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DOJ Rescinds 25 Obsolete Guidance Documents, Including Several ATF Docs

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Published on: January 7, 2018

Near the end of December 2017, the Department of Justice rescinded 25 obsolete Guidance Documents pursuant to Executive Order 13777 from President Donald Trump.  Among those documents are several that deal with the Bureau of Alcohol, Tobacco, Firearms and Explosives (ATF).

Executive Order 13777 called for agencies to establish Regulatory Reform Task Forces, chaired by a Regulatory Reform Officer, to identify existing regulations for potential repeal, replacement, or modification.

“Last month, I ended the longstanding abuse of issuing rules by simply publishing a letter or posting a web page,” Attorney General Jeff Sessions said in December.  “Congress has provided for a regulatory process in statute, and we are going to follow it. This is good government and prevents confusing the public with improper and wrong advice.”

“Therefore, any guidance that is outdated, used to circumvent the regulatory process, or that improperly goes beyond what is provided for in statutes or regulation should not be given effect,” Sessions added.  “That is why today, we are ending 25 examples of improper or unnecessary guidance documents identified by our Regulatory Reform Task Force led by our Associate Attorney General Rachel Brand. We will continue to look for other examples to rescind, and we will uphold the rule of law.”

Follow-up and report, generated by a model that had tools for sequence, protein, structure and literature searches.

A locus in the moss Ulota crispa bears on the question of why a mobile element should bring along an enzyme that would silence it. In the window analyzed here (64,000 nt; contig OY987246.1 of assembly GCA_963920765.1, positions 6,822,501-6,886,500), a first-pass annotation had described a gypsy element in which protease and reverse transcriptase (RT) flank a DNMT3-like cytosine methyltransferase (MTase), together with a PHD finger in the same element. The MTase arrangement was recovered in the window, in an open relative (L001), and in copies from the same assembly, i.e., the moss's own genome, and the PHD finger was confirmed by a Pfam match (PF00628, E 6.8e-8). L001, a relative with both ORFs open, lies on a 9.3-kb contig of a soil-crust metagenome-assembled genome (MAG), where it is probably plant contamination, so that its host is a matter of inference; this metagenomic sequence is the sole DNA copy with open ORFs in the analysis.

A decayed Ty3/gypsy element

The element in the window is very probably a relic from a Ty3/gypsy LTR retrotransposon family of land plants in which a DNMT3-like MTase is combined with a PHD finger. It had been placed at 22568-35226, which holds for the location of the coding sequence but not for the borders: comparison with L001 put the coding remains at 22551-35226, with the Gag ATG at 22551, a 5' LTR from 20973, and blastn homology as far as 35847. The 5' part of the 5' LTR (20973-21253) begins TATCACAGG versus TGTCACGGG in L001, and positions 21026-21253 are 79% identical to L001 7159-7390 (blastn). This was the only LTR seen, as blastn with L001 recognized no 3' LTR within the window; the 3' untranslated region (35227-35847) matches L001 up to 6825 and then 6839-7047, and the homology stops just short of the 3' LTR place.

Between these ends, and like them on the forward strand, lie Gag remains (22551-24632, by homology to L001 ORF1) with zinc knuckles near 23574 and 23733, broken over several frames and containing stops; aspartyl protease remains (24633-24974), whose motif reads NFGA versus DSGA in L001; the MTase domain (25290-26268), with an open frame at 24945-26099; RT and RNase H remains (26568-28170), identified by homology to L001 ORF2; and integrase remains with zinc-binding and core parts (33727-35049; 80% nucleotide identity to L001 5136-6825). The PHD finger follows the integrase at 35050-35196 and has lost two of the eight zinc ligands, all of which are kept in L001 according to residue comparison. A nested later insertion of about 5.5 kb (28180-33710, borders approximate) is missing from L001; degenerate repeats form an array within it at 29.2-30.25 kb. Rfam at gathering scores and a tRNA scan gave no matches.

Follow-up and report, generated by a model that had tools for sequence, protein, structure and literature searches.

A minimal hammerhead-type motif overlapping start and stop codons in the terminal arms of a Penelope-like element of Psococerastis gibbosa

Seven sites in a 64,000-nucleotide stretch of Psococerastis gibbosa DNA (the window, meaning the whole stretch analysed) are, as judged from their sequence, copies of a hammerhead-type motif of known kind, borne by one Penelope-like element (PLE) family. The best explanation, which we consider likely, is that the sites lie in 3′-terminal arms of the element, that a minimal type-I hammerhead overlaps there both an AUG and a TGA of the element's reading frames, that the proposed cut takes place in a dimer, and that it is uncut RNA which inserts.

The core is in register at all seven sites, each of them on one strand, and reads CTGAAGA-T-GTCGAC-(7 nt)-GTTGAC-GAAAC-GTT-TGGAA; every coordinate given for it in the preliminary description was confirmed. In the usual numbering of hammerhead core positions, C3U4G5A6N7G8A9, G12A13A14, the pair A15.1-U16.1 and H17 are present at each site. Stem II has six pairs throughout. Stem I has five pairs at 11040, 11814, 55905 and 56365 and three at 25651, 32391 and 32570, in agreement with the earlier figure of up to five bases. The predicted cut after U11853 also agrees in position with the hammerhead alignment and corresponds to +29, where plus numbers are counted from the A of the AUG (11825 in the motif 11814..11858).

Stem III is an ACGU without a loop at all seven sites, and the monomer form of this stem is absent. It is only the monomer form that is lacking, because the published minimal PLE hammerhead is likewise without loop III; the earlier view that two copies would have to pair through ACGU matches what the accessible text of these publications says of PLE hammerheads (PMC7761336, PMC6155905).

The list of 25 guidance documents that DOJ has withdrawn in 2017 is as follows:

  1. ATF Procedure 75-4.
  2. Industry Circular 75-10.
  3. ATF Ruling 85-3.
  4. Industry Circular 85-3.
  5. ATF Ruling 2001-1.
  6. ATF Ruling 2004-1.
  7. Southwest Border Prosecution Initiative Guidelines (2013).
  8. Northern Border Prosecution Initiative Guidelines (2013).
  9. Juvenile Accountability Incentive Block Grants Program Guidance Manual (2007).